Perpetual Motion People
Recorded at the legendary Hansa Studios, is this Manic Street Preachers' 'Berlin album'?
That appears to be the aim, on a record that follows hard on the heels of last year's Rewind The Film and should be seen as a companion piece. Whereas the previous album was steady but unremarkable, this 12th effort in 23 years has loftier targets — to be a more experimental set, a European travelogue with influences ranging from Neu! to Kraftwerk, and a touch of David Bowie in its origins.
There's certainly a bit of Bowie in the meaty chimes of Let's Go To War, which would hunker down nicely on Low, and krautrock comes through strongly on the motorik Misguided Missile. On Dreaming A City (HughEskova) the Manics even try to emulate Simple Minds' classic, Berlin-influenced early single Theme For Great Cities, although results are mixed. It's committed but lumpen, a bit of that old MSPs sludge seeping in.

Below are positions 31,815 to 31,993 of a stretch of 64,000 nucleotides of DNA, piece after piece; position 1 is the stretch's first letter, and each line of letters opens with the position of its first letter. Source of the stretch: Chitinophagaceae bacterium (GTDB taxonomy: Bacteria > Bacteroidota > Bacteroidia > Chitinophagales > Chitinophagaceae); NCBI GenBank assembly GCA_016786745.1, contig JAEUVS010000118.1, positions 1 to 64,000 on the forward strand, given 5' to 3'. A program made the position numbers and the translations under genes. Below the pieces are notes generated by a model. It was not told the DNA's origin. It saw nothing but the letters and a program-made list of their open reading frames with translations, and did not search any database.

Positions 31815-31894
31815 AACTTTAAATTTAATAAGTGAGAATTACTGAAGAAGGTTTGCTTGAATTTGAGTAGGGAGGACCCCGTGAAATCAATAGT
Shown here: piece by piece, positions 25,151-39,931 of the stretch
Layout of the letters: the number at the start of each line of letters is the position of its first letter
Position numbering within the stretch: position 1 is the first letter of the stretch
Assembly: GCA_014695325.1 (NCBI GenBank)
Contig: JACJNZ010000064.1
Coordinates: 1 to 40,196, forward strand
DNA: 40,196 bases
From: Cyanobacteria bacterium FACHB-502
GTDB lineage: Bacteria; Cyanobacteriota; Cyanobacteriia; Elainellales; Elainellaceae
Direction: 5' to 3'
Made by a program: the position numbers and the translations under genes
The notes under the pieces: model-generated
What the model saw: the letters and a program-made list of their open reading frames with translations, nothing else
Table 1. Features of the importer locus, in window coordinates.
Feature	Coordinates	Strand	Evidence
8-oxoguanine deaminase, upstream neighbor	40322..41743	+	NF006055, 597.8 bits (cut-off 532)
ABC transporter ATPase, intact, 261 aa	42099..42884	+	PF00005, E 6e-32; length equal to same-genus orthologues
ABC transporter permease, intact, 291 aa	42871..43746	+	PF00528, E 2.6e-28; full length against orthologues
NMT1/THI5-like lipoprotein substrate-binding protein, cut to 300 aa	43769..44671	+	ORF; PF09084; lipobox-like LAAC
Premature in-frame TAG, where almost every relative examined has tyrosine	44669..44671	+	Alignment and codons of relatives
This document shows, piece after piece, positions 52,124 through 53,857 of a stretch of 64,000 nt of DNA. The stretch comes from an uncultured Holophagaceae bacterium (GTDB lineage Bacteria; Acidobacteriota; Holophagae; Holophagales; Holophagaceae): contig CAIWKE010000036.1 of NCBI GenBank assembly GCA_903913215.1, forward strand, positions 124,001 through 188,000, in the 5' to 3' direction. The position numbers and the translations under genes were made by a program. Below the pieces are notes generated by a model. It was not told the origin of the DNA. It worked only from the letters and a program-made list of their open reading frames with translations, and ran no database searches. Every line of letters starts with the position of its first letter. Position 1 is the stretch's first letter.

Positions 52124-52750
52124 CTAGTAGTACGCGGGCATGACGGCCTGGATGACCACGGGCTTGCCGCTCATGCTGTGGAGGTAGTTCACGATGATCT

Maybe they don't quite have the edge to make a truly avant-garde rock record. Futurology is at its most successful on the warm but rattling title track, the sweet, surprising duet with Scritti Politti's Green Gartside on Between The Clock And The Bed and the tremendous single Walk Me To The Bridge, where thrilling riffs meet lyrics ("So long my fatal friend... Still blinded by your intellect") that feel like a toast from Nicky Wire to his old pal Richey Edwards. Old habits die hard.